11. 11. 8.36, A.36-39 36. Glory to Allah, Who created In pairs all things that3981 The earth produces, as well as Their own (human) kind And (other) things of which They have no knowledge. 37. And a Sign for them Is the Night: We withdraw3982 Therefrom the Day, and behold They are plunged in darkness; 38. And the Sun Runs unto a resting place,3983 For him: that is The decree of (Him), The Exalted in Might, The All-Knowing. 39. And the Moon,- We have measured for he~984 ~J.rJ~ ~W, ~;J:-' ~ 9;:;if':;'~-i~~~ii~:i't $?~ 3981. The mystery of sex runs through all creation,-in man, in animal life, in vegetable life, and possibly in other things of which we have no knowledge. Then there are pairs of opposite forces in nature, e.g., positive and negative electricity, etc. The atom itself consists of a positively charged nucleus or proton, surrounded by negatively charged electrons. The constitution of matter itself is thus referred to pairs of opposite energies. 3982. "Withdrawing the Day from the Night" is a striking phrase and very apt. The Day or the Light is the positive thing. The Night or Darkness is merely negative. We cannot withdraw the negative. But if we withdraw the real thing, the positive, which filled the void, nothing is left but the void. The whole of this section deals with Signs or Symbols,-things in the physical world around us, from which we can learn the deepest spiritual truths if we earnestly apply ourselves to them. 3983. Mustaqa" may mean: (1) a limit of time, a period determined, as in vi. 67, or (2) a place of rest or quiescence; or (3) a dwelling place, as in ii. 36. I think the first meaning is best applicable here; but some Commentators take the second meaning. In that case the simile would be that of the sun running a race while he is visible to us, and taking a rest during the night to prepare himself to renew his race the following day. His stay with the antipodes appears to us as his period of rest. 3984. The lunar stations are the 28 divisons of the Zodiac, which are supposed to mark .the daily course of the moon in the heavens from the time of the new moon to the time when the moon fades away in her "inter-lunar swoon", an expressive phrase coined by the poet Shelley. - 1326 -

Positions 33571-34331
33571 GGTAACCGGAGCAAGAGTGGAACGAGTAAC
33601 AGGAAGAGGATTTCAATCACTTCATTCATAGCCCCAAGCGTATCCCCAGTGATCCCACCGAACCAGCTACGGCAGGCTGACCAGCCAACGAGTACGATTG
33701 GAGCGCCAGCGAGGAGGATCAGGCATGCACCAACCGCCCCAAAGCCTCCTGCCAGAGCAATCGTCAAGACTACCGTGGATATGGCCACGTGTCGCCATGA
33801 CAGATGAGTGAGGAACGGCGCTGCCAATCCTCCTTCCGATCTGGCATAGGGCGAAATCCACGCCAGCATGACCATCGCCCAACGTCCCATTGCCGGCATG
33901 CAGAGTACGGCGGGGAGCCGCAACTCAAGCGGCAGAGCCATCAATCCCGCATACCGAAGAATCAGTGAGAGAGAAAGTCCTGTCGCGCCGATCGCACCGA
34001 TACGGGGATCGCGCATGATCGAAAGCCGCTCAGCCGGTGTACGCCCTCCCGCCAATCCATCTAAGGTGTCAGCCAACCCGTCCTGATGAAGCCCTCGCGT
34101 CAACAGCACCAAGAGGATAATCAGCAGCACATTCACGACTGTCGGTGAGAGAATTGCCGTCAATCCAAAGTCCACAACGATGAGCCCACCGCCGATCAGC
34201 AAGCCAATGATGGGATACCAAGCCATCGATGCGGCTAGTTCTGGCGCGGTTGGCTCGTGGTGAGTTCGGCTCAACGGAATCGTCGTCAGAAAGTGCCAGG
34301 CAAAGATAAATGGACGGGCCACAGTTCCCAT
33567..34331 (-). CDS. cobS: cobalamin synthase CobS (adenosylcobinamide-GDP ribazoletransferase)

12. 12. 3985. 'Urjun: a raceme of dates or of a date-palm; or the base or lower part of the raceme. When it becomes old, it becomes yellow, dry, and withered, and curves up like a sickle. Hence the comparison with the sickle-like appearance of the new moon. The moon runs through all her phases, increasing and decreasing, until she disappears, and then reappears as a little thin curve. 3986. Though the sun and the moon both traverse the belt of the Zodiac, and their motions are different, they never catch up each other. When the sun and the moon are on the same side and on a line with the earth there is a solar eclipse, and when on opposite side in a line, there is a lunar eclipse, but there is no clash. Their Laws are fixed by Allah, and form the subject of study in astronomy. Similarly Night and Day follow each other, but being opposites cannot coincide, a fit emblem of the opposition of Good and Evil, Truth and Falsehood: see also n. 3982 above. 3987. Cf. xxi. 33, and n. 2695. How beautifully the rounded courses of the planets and heavenly bodies are described, "swimming" through space, with perfectly smooth motion' As Shakespeare expresses it, each "in his motion like an angel sings, Still quiring to the young-eyed cherubims'" 3988. Besides the beauty of the Night, with the stars and the planets "swimming" in their rounded courses according to perfect Law, suggesting both symmetry and harmony, there are other Signs touching closely the life of man himself, projected through Time, in the past history of his race and in his own personal experience. The past history of his race takes us to the story of the flood, which is symbolical of Allah's justice and mercy. Noah's Ark was a "Sign to all People": xxix. 15. Man's own personal experience is appealed to in every ship afloat: see next note. S.36, A.39-41 {); Stations (to traverse) Till she returns Like the old (and withered) Lower part of a date-stalk.3985 40. It is not permitted To the Sun to catch Up3986 The Moon, nor can The Night outstrip the Day: Each Gust) swims along3987 In (its own) orbit (According to Law). 41. And a Sign for them Is that We bore3988 Their race (through the Flood) In the loaded Ark; ~J.r-Jt, ~WI ~~' ~ ~ ~~ilIl elllifj I;:;~~~~tJ;.Gl?ltl::, .... -", r .. -til' ¢)9;2'j - 1327 -